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Adelaide Fringe 2018

When There’s No Strength in Men

The Raw Shakespeare Project

Genre: Drama, Theatre

Venue: Marion RSL


Low Down

Across 3 emotionally-charged vignettes adapted from ‘MacBeth,’ ‘Henry V’ & ‘As You Like It,’ we strip-back the traditional and present some of the strong women of Shakespeare’s famous works. On an intimate and raw stage, some of Adelaide’s best young Shakespearian actresses bring new life to the famous roles of ‘Lady MacBeth’, ‘Princess Katherine of France’, ‘Rosalind’ & ‘Orlando,’ with stories told through their character’s eyes – strength in the weakness of the men around them. Set to period and avoiding the trappings of modern theatre, our three actresses tell their stories on a traditional stage, but with the gentle modern relevance these timeless stories allow.


Shakespeare’s female characters have habitually been overshadowed by male counterparts. The Raw Shakespeare Company’s production strives to correct this, by presenting three exerts from the cannon of works, and adapts the characterisations to put the women front and centre. By strengthening the characters, we’re forced to look at them in new lights. Lady MacBeth presents not as the icy companion pressing for power, but as driven, more vulnerable wife. Katherine of France is portrayed not so much as the sweet and innocent, but as a smart and purposeful, and a whole new twist is presented to us when Orlando is not a man, but a woman, in As You Like It.

The three extracts are perfectly chosen to fully utilize the female characters the directors have chosen to present and allows the actors to completely embrace the different interpretations. While staying true to Shakespeare’s text, the way the scenes have been cut and blended are what allows the storylines to fully embrace the characters strengths and the women shine in this bold production.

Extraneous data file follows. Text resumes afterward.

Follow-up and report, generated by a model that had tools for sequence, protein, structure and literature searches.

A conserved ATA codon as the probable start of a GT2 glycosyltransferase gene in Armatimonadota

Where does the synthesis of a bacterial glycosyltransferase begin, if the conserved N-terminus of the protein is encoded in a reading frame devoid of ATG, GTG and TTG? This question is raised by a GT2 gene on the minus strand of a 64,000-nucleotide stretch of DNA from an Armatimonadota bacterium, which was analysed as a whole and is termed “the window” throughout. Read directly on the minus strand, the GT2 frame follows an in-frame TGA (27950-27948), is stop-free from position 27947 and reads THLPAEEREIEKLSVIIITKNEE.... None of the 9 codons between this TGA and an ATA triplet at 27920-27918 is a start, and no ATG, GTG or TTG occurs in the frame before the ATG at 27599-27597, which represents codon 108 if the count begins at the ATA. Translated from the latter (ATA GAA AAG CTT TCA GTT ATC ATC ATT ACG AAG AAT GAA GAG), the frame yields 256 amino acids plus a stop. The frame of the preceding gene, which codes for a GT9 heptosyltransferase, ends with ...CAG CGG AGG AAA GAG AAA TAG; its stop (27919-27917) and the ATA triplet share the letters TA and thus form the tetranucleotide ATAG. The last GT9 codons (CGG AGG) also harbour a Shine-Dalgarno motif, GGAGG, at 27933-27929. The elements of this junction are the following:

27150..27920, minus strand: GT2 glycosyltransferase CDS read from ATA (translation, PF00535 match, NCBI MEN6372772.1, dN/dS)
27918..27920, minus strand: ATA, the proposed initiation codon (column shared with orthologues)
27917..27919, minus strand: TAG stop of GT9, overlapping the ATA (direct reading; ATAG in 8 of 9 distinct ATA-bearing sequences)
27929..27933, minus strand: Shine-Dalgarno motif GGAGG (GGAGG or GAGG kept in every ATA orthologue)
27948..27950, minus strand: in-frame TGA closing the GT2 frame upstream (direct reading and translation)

Performed in the Marion RSL hall, the production makes use of a bare stage, with seating on either side. Only a few lighting towers, and two flats – one with a built-in seat – make up the staging for the three vignettes, which allows the actors to fully utilize the space and perform to both sides of the audience.

The strong cast of eight are rightfully dominated by the performances of Leah Anderson, Isabella Shaw and Amelia Lomen – although Lomen’s vocals during her scenes are not as strong and create a challenge when she’s not facing the audience. In particular, Anderson performs the role of Lady Macbeth with an almost sympathetic demeanour, while Shaw’s Orlando is charming as it is engaging.

While the production was well executed, there were a few flaws. The three scenes were broken up with musical interludes, performed by Lomen – who was dressed in modern clothing instead of the period appropriate costume that was worn by the cast. As the musical numbers were primarily Shakespeare sonnets, this was somewhat confusing and broke the flow. What was also disappointing, was the lighting tech/stage manager choosing to check her phone and appeared to text message during the show.

Thankfully, the solid performances, along with well executed direction make for an enjoyable production that shines a new light to Shakespeare’s words. Worth a look. Recommended.